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When this was repeated to the receptionist at Fraser’s campaign office in Miramachi, she laughed: “That sounds about right,” but would say nothing more about the barriers-to-abortion issue.

But there are no barriers to abortion, says Prof. Bateman, only barriers to funding. He even wrote an op-ed piece for a local daily paper to debunk the claims of pro-abortion organizations such as Reproductive Rights New Brunswick that the province’s regulations violate the Charter of Rights and Freedoms or the Morgentaler decision. “There is nothing in Canadian law requiring publicly-funded abortion on demand,” he says.

His opinion was echoed by the retired chief justice of Prince Edward Island, Gerard Mitchell. In the Morgentaler decision, he wrote in a letter to the editor of Charlottetown's Guardian newspaper in May, “None of the seven judges held that there was a constitutional right to abortion on demand.”

What the Morgentaler decision did do was throw out the existing federal law that made abortion a crime except when approved by a hospital medical panel. New Brunswick’s regulation, passed shortly after the Morgentaler decision, only sets out which abortions will be funded by Medicare.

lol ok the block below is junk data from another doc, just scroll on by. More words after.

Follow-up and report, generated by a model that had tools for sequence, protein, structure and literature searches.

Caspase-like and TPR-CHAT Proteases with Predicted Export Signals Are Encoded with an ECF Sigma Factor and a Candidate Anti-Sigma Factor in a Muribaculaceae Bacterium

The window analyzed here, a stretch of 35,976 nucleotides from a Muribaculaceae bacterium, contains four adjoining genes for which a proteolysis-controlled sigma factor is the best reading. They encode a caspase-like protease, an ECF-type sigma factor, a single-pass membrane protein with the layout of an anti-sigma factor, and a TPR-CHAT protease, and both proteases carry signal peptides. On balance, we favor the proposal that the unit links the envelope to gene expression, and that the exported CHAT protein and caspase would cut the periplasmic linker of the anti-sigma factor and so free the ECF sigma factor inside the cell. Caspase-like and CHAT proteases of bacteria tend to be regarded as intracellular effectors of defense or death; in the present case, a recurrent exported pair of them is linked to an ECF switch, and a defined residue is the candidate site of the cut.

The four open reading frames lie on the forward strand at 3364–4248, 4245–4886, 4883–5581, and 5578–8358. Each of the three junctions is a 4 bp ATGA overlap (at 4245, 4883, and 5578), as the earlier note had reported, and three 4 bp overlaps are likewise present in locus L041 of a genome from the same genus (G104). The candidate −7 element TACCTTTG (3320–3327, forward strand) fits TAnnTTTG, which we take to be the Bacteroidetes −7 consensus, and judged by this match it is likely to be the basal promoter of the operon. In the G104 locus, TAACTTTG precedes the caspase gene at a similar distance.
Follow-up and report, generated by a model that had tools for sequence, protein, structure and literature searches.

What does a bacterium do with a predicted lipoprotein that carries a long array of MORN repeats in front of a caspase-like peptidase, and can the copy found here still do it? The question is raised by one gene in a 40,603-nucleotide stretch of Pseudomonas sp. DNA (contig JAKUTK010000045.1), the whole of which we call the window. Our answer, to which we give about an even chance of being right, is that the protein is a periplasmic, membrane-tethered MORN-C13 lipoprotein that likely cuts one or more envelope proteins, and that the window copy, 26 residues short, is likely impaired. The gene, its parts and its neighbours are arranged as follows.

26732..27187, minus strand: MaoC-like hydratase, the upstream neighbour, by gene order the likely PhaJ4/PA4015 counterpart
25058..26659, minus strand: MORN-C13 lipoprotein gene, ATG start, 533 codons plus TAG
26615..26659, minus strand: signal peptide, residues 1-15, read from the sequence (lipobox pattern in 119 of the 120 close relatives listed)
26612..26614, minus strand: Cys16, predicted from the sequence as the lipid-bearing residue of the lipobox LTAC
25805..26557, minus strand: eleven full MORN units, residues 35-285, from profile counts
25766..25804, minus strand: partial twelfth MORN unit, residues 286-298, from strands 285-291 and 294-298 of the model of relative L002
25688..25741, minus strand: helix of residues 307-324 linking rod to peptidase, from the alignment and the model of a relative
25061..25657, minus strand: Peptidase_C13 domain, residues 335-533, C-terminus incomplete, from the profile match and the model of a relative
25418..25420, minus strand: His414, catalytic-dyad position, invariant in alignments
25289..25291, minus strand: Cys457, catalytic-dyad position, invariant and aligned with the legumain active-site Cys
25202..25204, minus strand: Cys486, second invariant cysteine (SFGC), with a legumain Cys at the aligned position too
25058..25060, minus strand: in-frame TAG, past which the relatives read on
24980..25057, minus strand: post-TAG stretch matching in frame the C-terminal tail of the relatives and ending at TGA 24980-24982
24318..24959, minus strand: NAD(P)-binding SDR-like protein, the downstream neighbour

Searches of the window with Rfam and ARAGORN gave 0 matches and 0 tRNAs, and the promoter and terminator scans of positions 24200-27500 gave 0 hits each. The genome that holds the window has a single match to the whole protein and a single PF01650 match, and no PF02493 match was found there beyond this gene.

Abortion became a hot issue this spring when the province’s only private abortion clinic, owned and operated by the winner in the landmark 1988 case, Dr. Henry Morgentaler, shut down.  A for-profit operation that was losing money for the abortuary chain operator, the clinic did the majority of the province’s abortions, Ryan told LifeSiteNews.

Now pro-abortion groups want an end to such “barriers” as the need for two doctors attesting to medical necessity, for the abortionist to have visiting rights at a hospital, and for the abortion to be done in a hospital, before funding is provided.

The New Democrats and Greens agree, the Progressive Conservatives disagree, and the Liberals, who have a chance of winning the next election, apparently say “yes if.”

It’s an answer that leaves both ardent pro-lifers and ardent pro-abortionists unhappy. But that, says Bateman, is also true of the status quo. It’s an answer, in other words, that Gallant may hope will lose him few pro-life votes while drawing pro-choice votes from the other left-wing parties.

Maritimers tend to be more conservative on abortion. According to a 2011 Environics poll commissioned by LifeCanada, 35 percent think the unborn should be protected from birth (versus 28 percent of all Canadians); 65 percent think abortion should be illegal after the first trimester (versus 58 percent nationally); and 63 per cent oppose tax-funded abortion except in “medical emergencies,” compared to 58 percent across Canada.

That would seem to mean most New Brunwickers don’t want the current rules Liberalized, but whether they care enough to vote accordingly remains to be determined.